N7AUOR.jpg

 

So I put the patient in the stable supine position,

 

M1fJoO.jpg

 

and then have applied the liquid adhesive to the break point. 

 

v6T6I8.jpg

 

After putting on and pressing the front paw, I then irradiated the seam with the UV pointer, which causes the adhesive to harden transparently.  up045518.gif

 

76VMHK.jpg

 

And that was already the miracle healing, 

 

RImkbY.jpg

 

and the squirrel wanted to go back to the garden quickly. eichhoernchen_13.gif 

 

And this gave me the idea einfall.gif that I could also use this UV glue for the Pad and MLP lighting to seal the LEDs in the lampshades, or that one could be able to shape glue drops over the LEDs, so to speak as "bulbs".speak_cool.gif

 

up037353.jpg

 

And then I've tried it out on my test lamps. cool.gif

 

Back then I had also experimented with tiny glass beads (right) to simulate the lamp body. To the left of it, the LED is only inserted flat into the lampshade and should have been glued yet.

 

mzsFSV.jpg

 

Both lamps are switched on here.

 

iCSi1P.jpg

 

In this position I've then dripped the glue onto,

 

ew9c71.jpg

 

and then hardened with the UV pointer,

 

M0Fprf.jpg

 

as well as tested. 

 

qRk3L1.jpg

 

UiSGsp.jpg

 

To shape a nice round drop, I will have to experiment a bit yet, but this solution should certainly be useful, also for the three special lamps 11, 12, 17 without a wide lampshade. 

up038889.jpg

 

But now I'll switch off all the lights and slowly move into the horizontal, and maybe dream of the squirrel ... schlaflos.gif

Edited by spaceman
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You're displaying a lot of happiness in this post! ... A Happy Squirrel ... a Happy Lamp and a Happy Manfred!

And I'm smiling while visualizing you performing 'windmills' in your backyard!

 

Thanx for this multi-level update!

Pete

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Posted (edited)

smiley251.gif Pete, yep, indeed!

After awakening from anesthesia, the squirrel first of all had to fortify itself in its feed house ... eichhoernchen_13.gif

 

  sTt8OH.jpg

 

Happy with this test result on the one hand, top.gif but on the other hand I sometimes have to think with horror of my inventories of those felt like 1.000 lamps at that time ... smiley_crazy.gif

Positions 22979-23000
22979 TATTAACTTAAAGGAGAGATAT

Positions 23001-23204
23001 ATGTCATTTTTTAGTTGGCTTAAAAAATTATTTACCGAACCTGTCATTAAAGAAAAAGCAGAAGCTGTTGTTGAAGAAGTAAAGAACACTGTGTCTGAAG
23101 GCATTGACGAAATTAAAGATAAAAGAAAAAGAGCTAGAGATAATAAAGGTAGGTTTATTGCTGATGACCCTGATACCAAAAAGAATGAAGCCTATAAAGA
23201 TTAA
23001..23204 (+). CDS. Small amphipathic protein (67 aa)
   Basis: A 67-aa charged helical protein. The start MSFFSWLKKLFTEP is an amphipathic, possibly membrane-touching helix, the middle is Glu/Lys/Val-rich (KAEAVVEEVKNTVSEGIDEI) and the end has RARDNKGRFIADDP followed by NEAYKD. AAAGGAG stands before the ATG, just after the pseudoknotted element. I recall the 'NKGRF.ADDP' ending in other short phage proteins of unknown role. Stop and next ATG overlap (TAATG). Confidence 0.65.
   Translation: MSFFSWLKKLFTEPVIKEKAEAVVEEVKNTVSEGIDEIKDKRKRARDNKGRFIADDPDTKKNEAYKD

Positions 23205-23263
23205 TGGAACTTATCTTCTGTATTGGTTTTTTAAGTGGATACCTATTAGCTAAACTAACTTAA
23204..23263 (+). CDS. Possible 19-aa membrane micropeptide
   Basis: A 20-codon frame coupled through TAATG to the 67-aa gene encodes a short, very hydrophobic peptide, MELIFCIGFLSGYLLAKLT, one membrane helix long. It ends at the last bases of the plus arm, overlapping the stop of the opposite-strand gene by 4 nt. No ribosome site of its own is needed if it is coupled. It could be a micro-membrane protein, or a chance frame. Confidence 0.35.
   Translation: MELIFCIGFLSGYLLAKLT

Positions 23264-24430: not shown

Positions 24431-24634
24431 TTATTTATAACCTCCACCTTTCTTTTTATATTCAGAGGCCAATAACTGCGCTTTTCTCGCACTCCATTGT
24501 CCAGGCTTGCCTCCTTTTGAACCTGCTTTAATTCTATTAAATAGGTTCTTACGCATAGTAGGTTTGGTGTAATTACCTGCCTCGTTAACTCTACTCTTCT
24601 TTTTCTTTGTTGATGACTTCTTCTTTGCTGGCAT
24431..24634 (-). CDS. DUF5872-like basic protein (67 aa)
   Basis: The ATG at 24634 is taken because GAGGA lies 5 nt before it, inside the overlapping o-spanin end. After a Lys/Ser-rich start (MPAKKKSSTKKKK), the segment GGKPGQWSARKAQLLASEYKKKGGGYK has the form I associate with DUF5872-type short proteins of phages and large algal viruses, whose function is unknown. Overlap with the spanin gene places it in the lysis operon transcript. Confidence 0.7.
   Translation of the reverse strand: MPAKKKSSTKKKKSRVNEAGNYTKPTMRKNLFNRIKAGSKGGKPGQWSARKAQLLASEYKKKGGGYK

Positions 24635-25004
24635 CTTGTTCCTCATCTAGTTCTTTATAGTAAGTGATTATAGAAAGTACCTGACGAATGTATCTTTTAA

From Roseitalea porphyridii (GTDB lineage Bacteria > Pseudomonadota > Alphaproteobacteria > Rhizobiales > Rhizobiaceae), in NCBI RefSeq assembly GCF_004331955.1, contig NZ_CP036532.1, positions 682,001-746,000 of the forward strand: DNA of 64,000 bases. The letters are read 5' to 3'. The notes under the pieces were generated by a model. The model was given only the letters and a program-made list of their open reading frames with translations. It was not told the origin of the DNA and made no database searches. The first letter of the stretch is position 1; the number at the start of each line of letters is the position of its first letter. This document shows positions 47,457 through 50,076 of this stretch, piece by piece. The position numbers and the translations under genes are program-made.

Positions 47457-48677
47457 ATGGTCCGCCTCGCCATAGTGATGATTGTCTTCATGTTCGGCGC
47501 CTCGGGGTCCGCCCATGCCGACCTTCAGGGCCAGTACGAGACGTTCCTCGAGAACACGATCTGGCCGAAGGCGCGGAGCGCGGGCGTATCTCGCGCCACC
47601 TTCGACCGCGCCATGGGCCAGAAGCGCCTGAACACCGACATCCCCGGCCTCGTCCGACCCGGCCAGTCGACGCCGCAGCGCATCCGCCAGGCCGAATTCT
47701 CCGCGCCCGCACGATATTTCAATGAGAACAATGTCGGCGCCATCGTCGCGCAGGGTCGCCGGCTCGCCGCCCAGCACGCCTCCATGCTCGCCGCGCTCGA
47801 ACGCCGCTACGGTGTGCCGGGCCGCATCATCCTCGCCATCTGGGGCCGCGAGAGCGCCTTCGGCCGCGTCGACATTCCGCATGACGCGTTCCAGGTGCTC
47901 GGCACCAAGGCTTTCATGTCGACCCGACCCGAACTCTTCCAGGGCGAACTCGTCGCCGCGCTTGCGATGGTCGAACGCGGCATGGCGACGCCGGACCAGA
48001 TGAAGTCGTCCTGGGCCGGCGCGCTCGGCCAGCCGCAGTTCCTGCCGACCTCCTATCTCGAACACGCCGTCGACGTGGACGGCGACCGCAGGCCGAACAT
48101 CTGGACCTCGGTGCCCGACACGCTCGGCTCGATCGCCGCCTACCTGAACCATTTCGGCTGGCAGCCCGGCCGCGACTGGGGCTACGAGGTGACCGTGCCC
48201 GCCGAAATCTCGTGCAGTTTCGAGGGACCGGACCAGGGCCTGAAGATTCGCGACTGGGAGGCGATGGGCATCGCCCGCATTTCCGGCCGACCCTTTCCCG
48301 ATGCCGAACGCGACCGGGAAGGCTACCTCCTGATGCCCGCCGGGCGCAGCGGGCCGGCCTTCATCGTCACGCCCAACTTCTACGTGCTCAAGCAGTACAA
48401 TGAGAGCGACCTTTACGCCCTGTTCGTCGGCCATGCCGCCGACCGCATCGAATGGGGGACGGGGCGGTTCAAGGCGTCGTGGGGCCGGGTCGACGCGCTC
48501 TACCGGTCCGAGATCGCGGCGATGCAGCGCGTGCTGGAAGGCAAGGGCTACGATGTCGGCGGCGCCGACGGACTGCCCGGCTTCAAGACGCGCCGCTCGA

up039500.jpg     up039496.jpg

 Source: retrospaceimages.com (STS-6)                                                             Source: NASA

And my arm windmill is maybe something like this ... ventilator-0011.gif I hope you understand what I mean ...  00000016.gif namely that a surgery isn't always needed, hopefully, we will see ...  up040577.gif

 

Edited by spaceman
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Hi Mike, extra for you! top.gif

But the squirrel only wanted to come along after I've promised him some nuts, what a nifty fellow ... smiley250.gif

 

GjVXnO.jpg

 

No problem, because I'm animal-loving ... up040577.gif

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  • 2 weeks later...

Hello everybody,

 

first of all the good news of the last week's Health check that my gut feeling has not deceived me. I didn't want to go under the knife, and after getting a second opinion, no shoulder surgery is necessary either!!! yahoo.gif

 

The orthopedic surgeon I've consulted in the Stuttgart clinic first asked me about my concerns and how I was feeling. And after I've shown him my easygoing windmill-arm rotation, he said, to my surprise, short and sweet: Well then, Goodbye!!! Oops, sorry? smiley215.gif

 

Only then he has looked at the MRI-CD and showed me the defect (1 cm x 1 cm) on the Supraspinatus tendon that the radiologist had found and explain it to me on the model . Accordingly, the term Complete rupture of the first surgeon would be appropriate, but would only apply to this small area behind the enthesis. On the other hand, the tendon would be present all around, so it is more of a "hole" and not a torn tendon, which I initially thought. hmmm.gif

 

In short, he said that he would not operateon me, especially since I have no restrictions on freedom of movement or a loss of strength in my arm, which finally convinced and reassured me.  speak_cool.gif  

 

And so I was able to go back to my Pad construction site completely relaxed and again turn to the two lamp shapes with and without a shade/reflector on the MLP-Side 1,  top.gif 

 

KroTuS.jpg
Source: NASA

 

whereby it was again about the three circled lamps without a lampshade.